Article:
Court puts off Guantánamo war-crimes case
Supreme Court declines to take up the case involving Osama bin Laden's driver, delaying several trials.
WASHINGTON — In declining to take up a potential landmark case challenging the legality of the Pentagon's terrorist tribunal process, the US Supreme Court may have delayed by as much as a year the commencement of war-crimes trials of suspected Al Qaeda members at the Guantanamo Bay Naval Station in Cuba.
The trials were expected to begin in the fall of 2004 but were postponed in the wake of a November ruling by a federal judge that the military commission process was in violation of the Geneva Conventions.
The November ruling came in the case of Salim Hamdan, a former driver for Osama bin Laden in Afghanistan. Mr. Hamdan is accused of involvement in terrorism, a charge he denies. He was set to become one of the first Guantánamo detainees to stand trial before a military commission. But the entire process was struck down Nov. 8 by US District Judge James Robertson in Washington.
In an order released Tuesday, the Supreme Court without explanation declined to take up the case, Hamdan v. Rumsfeld, prior to the appeal being heard by a federal appeals court panel in Washington. That court is set to hear oral argument on March 8.
Once the appeals court rules, either party may once again ask the Supreme Court to consider the case.
Legal analysts say it could take as long as a year for the case to work its way through the appeals court process and back up to the Supreme Court.
A Pentagon spokesman, Maj. Michael Shavers, says four commission cases are being held in abeyance pending the outcome of Hamdan's March 8 hearing. No decision has yet been made on whether to resume commission trials should the government prevail on March 8, he says.
Major Shavers says commission officials are continuing to work on other cases. "Things are not at a standstill," he says.
But for Hamdan, the decision means delay. "Mr. Hamdan and some of the other commission defendants have waited over three years to have their trial," says his lawyer, Neal Katyal, who is also a professor at Georgetown Law Center. "We certainly have grave concern that given the delay thus far, this is going to further delay matters."
At issue in Hamdan v. Rumsfeld are two key questions. First, to what extent are alleged members of Al Qaeda entitled to the protections of the Geneva Conventions? Second, to what extent are Al Qaeda suspects entitled to the same due process protections afforded to American soldiers in military trials?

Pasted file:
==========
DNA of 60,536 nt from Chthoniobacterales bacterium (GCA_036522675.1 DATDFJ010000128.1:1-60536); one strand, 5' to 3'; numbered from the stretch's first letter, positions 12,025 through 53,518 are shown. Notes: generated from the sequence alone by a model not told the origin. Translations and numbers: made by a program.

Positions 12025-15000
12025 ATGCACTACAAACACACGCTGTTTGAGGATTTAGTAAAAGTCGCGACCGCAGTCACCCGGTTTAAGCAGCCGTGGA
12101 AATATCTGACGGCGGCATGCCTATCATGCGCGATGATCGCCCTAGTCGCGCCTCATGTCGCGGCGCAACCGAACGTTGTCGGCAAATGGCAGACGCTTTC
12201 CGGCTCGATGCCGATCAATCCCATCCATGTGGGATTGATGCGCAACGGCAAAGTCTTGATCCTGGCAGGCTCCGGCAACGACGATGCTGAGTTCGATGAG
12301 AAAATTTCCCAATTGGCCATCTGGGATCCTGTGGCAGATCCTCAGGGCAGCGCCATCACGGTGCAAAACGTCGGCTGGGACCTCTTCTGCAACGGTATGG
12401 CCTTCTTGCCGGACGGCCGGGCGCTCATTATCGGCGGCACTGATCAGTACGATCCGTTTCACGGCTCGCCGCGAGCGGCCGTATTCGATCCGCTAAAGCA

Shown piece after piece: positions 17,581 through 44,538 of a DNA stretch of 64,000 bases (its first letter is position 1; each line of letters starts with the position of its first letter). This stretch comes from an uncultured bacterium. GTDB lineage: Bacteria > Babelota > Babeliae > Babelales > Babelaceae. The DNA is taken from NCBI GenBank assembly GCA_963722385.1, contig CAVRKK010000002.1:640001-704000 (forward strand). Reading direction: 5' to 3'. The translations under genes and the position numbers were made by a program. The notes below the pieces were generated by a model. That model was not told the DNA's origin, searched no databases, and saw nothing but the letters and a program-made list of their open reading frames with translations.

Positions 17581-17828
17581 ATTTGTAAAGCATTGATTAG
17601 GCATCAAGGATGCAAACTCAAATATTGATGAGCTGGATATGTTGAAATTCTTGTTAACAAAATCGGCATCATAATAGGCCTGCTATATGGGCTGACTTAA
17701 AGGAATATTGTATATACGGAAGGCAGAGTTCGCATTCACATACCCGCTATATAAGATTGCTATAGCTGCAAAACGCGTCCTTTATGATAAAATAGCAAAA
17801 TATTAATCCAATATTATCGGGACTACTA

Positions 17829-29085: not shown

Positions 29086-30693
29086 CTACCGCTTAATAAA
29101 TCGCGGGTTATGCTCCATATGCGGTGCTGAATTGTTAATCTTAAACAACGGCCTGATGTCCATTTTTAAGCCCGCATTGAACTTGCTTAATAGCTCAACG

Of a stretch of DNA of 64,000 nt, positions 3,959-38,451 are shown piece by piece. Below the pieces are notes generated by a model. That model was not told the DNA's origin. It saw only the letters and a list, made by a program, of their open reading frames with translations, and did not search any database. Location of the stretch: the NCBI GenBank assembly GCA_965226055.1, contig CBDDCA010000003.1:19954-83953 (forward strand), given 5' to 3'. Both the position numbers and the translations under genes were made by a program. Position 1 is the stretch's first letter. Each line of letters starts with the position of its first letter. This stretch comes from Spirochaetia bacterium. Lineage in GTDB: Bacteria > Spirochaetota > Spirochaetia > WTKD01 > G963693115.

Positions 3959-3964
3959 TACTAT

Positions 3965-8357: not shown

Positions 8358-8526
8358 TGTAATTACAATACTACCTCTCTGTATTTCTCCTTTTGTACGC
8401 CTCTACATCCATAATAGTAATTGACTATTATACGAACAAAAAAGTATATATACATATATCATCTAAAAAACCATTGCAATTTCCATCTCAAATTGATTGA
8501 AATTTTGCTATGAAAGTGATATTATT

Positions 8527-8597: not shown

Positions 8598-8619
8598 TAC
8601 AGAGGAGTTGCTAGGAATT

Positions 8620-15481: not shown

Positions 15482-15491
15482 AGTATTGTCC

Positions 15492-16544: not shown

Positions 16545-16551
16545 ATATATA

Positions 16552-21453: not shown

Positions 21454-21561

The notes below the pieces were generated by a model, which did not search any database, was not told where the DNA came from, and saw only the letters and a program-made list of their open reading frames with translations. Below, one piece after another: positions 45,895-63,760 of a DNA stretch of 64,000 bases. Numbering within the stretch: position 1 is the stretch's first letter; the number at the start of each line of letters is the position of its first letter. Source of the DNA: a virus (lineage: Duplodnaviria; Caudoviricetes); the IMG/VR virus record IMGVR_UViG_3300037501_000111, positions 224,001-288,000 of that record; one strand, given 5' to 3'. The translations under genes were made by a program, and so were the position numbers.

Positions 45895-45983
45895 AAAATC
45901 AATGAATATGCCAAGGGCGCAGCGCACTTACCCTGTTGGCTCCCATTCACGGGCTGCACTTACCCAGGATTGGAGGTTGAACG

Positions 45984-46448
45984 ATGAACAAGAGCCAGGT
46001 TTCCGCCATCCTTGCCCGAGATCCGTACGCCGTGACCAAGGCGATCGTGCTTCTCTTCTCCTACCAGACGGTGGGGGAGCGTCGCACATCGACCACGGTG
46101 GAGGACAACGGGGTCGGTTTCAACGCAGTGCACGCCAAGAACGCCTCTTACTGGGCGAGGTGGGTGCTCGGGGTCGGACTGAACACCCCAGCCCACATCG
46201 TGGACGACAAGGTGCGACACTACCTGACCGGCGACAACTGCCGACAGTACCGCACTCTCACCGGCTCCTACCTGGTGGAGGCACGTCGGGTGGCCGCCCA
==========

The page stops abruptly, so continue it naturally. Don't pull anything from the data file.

The Bush administration takes the position that suspected Al Qaeda members are not entitled to the protections of the Geneva Conventions because they are terrorists who target civilians rather than soldiers who comply with the laws of war.
Judge Robertson disagreed. He ruled that the Bush administration has failed to abide by the terms of the Geneva accords and has adopted war-crimes trial procedures that ignore congressionally authorized due process rights.
Government lawyers immediately appealed Robertson's ruling to the appeals court and asked for expedited review.
Hamdan's lawyers went one better. They asked the US Supreme Court to sidestep the usual appeal process and immediately take up the case. They argued that the significant national and international implications and the need for clarity make quick action necessary. They also suggest in their brief that their client, Hamdan, is being wrongly imprisoned at Guantánamo.
"Each month that passes while the D.C. Circuit ponders precisely the same legal questions is a month that can never be returned if, as [Hamdan] believes, he has committed no offense," writes Mr. Katyal in his brief.
Acting Solicitor General Paul Clement urged the justices to allow the case to work its way through the appeals court before hearing the case.
The government may enjoy an advantage at the appeals court. The three judges set to hear the case were all appointed by Republican presidents. Robertson was appointed by President Clinton, a Democrat.